Taking time to speak to the farmers is all part of the shopping experience.
Taking time to speak to the farmers is all part of the shopping experience.

Step 3. Find the right vendor. When I frequented the farmers markets in the Tri-Cities in Eastern Washington it didn’t take me long to find my favorite farmer. It was a small family farm that was at every Pasco and Richland farmers market. I probably chose them because the son was always wearing Dallas Cowboys gear. I mean the man’s got great taste! But if you’re new and you don’t know anything about any of the farmers then take your time going to each stand and do a little window shopping. Look at what they have to offer. Is it organic? Is it organic, but they didn’t want to go through all the trouble of obtaining the organic certificate? How far away is their farm? Who’s doing the selling? Is it farmhands or the family? Are their goods fresh or are they selling you apples in April? If you want fresh produce then you’re going to have to make sure you know what’s in season.

When it’s finally time to purchase something you might have to take a chance on what the food might taste like. Fortunately, lots of stands offer free samples so people can taste what they are about to buy.
If you frequent markets enough you’ll eventually find the farm you prefer, just like I did. My favorite farmer hooked me with his asparagus. It was yummy! I kept going back for his purple lettuce and peppers. He didn’t have any fruit trees though, but fortunately there were a ton of berry and apple farms represented in Eastern Washington.

FarmersMarketCHARD
I bought a some rainbow chard. Perfect for wraps and soup. I might be sharing a recipe pretty soon.

I’m very fortunate to live in an area where there are a number of farmers markets. There’s practically one every day of the week. But since I’m still pretty new to the area I haven’t figured out which farmers market is the best. Any locals out there have an opinion?

-Veronica

Here’s a list of farmers markets in your neighborhood. Don’t live in the area? This SITE will help you find a farmers market in your area.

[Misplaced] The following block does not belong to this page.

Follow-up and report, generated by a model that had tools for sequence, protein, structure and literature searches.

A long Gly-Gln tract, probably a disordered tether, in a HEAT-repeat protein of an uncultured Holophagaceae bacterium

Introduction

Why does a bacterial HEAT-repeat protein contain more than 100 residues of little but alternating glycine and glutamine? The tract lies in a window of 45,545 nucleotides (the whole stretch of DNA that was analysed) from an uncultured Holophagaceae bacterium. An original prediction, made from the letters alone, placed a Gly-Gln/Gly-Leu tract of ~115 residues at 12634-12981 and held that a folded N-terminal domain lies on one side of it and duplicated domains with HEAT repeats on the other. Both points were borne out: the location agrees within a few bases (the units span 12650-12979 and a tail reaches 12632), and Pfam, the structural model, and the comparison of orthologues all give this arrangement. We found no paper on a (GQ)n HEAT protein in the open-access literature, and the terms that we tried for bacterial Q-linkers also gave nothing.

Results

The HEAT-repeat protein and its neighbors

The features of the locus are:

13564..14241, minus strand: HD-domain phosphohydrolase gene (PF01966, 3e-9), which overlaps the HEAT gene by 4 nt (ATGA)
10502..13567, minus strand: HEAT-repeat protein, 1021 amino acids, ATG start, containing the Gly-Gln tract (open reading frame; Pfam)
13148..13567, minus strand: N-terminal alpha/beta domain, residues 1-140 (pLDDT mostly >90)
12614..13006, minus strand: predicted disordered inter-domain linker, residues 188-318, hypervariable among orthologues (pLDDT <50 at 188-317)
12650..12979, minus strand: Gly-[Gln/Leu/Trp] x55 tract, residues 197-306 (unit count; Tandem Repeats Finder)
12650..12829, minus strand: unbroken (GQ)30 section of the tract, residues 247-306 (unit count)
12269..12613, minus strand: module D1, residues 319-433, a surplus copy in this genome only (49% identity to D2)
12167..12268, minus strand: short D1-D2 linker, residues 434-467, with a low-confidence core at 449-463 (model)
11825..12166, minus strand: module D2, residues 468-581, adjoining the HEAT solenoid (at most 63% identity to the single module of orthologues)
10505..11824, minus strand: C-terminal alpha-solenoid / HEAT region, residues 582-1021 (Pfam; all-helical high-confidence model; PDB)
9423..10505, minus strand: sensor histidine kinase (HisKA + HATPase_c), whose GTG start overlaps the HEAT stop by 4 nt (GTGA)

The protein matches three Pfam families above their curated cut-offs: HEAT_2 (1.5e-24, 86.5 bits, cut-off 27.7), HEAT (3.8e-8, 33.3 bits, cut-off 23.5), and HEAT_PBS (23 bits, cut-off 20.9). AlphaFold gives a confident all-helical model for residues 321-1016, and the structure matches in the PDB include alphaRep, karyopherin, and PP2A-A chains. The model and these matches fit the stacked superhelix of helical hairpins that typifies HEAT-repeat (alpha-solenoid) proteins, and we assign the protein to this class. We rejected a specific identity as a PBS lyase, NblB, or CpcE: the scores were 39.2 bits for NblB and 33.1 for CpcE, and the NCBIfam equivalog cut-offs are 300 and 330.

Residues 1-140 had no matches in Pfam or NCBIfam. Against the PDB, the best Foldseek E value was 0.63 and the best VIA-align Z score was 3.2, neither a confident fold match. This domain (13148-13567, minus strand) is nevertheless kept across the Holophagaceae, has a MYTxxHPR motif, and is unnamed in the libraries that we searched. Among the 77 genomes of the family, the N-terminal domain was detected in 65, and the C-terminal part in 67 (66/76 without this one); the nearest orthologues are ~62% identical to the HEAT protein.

South Tacoma
Location: MetroPark STAR Center, 3873 S. 66th St.
Hours: 11 a.m. – 3 p.m. Sundays.
Duration: June 7 – Sept. 27.
Broadway
The Broadway Farmers
Location: Downtown Tacoma from Ninth to 11th street.
Hours: 10 a.m. – 3 p.m.
Duration: May 7 – Oct. 29 Thursdays.
6th Avenue
Location: Corner of Sixth Ave. and Pine St.
Hours:  3 – 7 p.m. Thursdays.
Duration: May 5  – Sept. 29.
Eastside
Location: 44th Street and Portland Avenue.
Hours: 3 – 7 p.m. Wedesndays.
Duration: June 17 – Sept. 30.
Visit: tacomafarmersmarket.com
Proctor
Location: 2702 N. Proctor St. in Tacoma
Hours: 9 a.m.-2 p.m. Saturdays
Duration: Now – Dec. 19
Visit: proctorfarmersmarket.com
Multicare Market
Location: Multicare Tacoma General Hospital Rose Garden, 315 M.L.K. Jr. Way
Hours: 11 a.m. – 2 p.m. Friday
Duration: Aug. 7 – Sept. 11.
Visit: tacomafarmersmarket.com
Puyallup
Location: Pioneer Park, 330 S Meridian
Hours: 9 a.m.-2 p.m. Saturdays
Duration: April 18 – Oct. 17
Visit: puyallupmainstreet.com
Lakewood
Location:6000 Main St. SW
Hours: 10 a.m.-3 p.m. Tuesdays
Duration: June 2 – Sept. 15
Visit: cityoflakewood.us
Steilacoom
Location: Corner of Lafayette and Wilkes Streets
Hours: 3-7 p.m. Wednesdays
Duration: June 24-Aug. 26.
Visit: steilacoomfarmersmarket.org
Gig Harbor
Location: 5503 Wollchett Dr. NW (Saturday) and 4701 Pt. Fosdick Dr. (Sunday)
Hours: 9 a.m. – 3 p.m. Saturday and 11 a.m. – 4 p.m. Sunday
Duration: All year.
Visit: gigharborfarmersmarket.com.